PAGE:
most revolutionary proletariats', but that didn't mean it was 


going to back the Bolsheviks' risky ventures. The Railwaymen's 
Union demanded an agreement and was ready to back this 
demand with decisive action including a general railway 

c And just take note of this, comrades. Without us you couldn't 
have coped either with Kornilov or with Kerensky. I know 
you've just sent some detachments of saboteurs to tear up the 
lines leading to the capital. But without us, you know, you 
couldn't even do that. We could fix all the damage in twenty 
minutes. We tell you we're not going to help you, but will fight 
you if you don't come to an agreement.' 

This speech made a great sensation, like a bucket of cold 
water poured over the head of the meeting. But the Praesidium 
had ready their own railwayman, who was unleashed at once 
with the statement that the preceding speaker hadn't repre- 
sented the views of the masses. But that wasn't so, while as for 
the claim by the Railway Union's spokesman that the Congress 
was incompetent, that wasn't true either: even after the exodus 
of the 'pure-in-heart' the Congress had a full legal quorum. 

The 'Council of People's Commissars' was put to the vote and 
confirmed by an overwhelming majority. I don't recall any 
great enthusiasm about this. But the Congress was now be- 
coming thoroughly disorganized, from extreme exhaustion and 
nervous tension. 

The concluding act was the election of a new Central Ex. 
Com. Amidst total disorder, in a rapidly emptying hall, a long 
list of unknown names was read out. About 100 men in all were 
elected, of whom seventy were Bolsheviks, then some Left SRs, 
Novaya %hizn people, and representatives of nationalities. 

The meeting closed around 5 o'clock in the morning. Limp 
and exhausted, in a hurry to get home, the depleted ranks again 
filled Smolny with the discordant sounds of the Internationale, 
and scrambled for the way out. The Congress was over. 

I waited for Lunacharsky, who was to stay with me overnight 
in the new flat close by. Picking up another delegate we set off 
together towards the Tauride Garden. It was still quite dark. 
Lunacharsky was extremely excited, almost in raptures, and 
rattled along without a stop. Unfortunately I couldn't respond 
and was a silent, and even rather glum listener.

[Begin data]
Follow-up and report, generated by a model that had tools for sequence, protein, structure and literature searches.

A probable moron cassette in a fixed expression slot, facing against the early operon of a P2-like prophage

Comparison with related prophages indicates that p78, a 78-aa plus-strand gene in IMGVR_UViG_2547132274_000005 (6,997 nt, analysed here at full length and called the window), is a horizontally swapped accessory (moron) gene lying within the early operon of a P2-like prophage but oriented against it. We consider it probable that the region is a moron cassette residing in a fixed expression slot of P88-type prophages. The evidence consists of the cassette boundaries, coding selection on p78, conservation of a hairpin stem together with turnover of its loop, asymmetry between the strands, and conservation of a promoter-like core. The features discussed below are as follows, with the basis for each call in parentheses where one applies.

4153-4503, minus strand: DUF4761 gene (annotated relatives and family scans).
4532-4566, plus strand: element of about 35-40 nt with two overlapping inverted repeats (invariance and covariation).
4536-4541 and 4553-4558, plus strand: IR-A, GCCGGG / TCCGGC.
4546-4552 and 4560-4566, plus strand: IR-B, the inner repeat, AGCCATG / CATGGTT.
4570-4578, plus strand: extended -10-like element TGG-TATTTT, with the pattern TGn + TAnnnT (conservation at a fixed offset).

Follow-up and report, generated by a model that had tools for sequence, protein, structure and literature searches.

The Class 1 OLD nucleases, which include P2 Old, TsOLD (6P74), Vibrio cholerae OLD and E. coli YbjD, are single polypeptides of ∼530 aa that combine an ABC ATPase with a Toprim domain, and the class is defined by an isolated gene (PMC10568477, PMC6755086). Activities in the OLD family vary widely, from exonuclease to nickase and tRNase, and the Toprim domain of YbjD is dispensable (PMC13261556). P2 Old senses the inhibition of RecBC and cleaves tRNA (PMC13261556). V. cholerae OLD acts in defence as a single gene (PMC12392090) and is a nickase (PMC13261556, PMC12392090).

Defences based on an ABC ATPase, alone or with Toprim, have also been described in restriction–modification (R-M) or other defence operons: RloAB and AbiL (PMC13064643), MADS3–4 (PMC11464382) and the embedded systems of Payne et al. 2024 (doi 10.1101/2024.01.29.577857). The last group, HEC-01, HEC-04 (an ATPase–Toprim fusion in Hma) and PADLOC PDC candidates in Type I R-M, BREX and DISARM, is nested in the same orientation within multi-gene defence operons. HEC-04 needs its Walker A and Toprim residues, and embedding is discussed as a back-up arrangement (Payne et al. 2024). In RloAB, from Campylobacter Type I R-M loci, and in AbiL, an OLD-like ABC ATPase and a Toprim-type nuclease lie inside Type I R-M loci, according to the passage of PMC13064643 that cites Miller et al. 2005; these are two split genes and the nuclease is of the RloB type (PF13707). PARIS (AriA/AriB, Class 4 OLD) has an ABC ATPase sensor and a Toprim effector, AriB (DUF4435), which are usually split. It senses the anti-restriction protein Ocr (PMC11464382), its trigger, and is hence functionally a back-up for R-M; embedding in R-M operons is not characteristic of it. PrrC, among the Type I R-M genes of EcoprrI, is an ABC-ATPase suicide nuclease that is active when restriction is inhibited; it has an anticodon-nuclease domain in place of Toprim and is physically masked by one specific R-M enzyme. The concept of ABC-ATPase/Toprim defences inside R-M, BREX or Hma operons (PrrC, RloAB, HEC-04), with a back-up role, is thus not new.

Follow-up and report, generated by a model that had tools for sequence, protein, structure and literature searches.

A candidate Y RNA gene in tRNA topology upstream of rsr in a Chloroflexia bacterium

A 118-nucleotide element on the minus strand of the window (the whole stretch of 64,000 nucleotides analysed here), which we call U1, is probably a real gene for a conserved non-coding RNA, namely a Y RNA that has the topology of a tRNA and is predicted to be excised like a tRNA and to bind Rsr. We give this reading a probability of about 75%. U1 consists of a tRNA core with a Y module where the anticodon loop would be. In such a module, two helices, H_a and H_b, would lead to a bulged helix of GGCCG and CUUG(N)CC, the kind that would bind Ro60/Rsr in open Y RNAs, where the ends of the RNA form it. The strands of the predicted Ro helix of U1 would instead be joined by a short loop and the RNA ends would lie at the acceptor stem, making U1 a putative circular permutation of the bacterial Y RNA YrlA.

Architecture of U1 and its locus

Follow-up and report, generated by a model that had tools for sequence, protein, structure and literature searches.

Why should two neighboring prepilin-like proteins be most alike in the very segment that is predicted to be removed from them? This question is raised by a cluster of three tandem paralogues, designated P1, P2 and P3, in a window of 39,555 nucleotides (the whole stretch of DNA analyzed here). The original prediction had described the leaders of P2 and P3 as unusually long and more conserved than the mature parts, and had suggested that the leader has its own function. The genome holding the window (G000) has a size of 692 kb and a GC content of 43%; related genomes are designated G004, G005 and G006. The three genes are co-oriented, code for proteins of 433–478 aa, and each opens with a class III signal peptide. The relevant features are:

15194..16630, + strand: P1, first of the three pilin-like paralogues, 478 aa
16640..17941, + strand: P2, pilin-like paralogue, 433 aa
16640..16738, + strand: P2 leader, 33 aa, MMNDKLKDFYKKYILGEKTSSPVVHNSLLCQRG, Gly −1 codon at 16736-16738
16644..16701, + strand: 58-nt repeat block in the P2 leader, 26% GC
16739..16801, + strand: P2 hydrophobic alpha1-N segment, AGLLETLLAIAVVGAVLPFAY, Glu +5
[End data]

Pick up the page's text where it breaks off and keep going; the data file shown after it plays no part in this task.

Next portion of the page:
'At first Lenin didn't want to go into the Government; he said 


he was going to work in the Party Central Committee. But we 
said no, we wouldn't agree. We made him take first-hand 
responsibility; otherwise, everyone likes just criticizing. What? 
Supplies? They're all quite safe.' 

'Ah! 3 Lunacharsky went on, referring to me, s he won't work 
with us! He just won't! But what a Foreign Minister he would 
make! Come to us! After all, there's no other solution for an 
honest revolutionary. We're going to work! These events are 
epoch-making! Our children's children will bow their heads 
before their grandeur!' 

We arrived home. My exhausted mind was incapable of 
digesting the inexhaustible material of the past days. 

The Second Soviet Congress was the shortest in our history. 
The local delegates had to hurry home, and the centre had no 
time for meetings. Toils, troubles and difficulties were making 
their appearance every hour in ever-increasing numbers, like 
the heads of the Hydra. Most important was the front, where 
Kerensky was scraping together mixed detachments to crush the 
'rebellion 3 . Until he had been liquidated it was impossible to 
have an easy mind. Indeed, the revolution could not be con- 
sidered complete until the head of the old Government had 
been reduced to submission and taken prisoner. After all, until 
this had been achieved, the country could formally choose 
which it would consider the lawful Government and which the 

On the evening of October syth, information was given at the 
first session of the new Central Ex. Com. that columns of Cossack 
troops with artillery were concentrated round Dno Junction 
and in Gatchina. Emissaries and agitators had been sent there,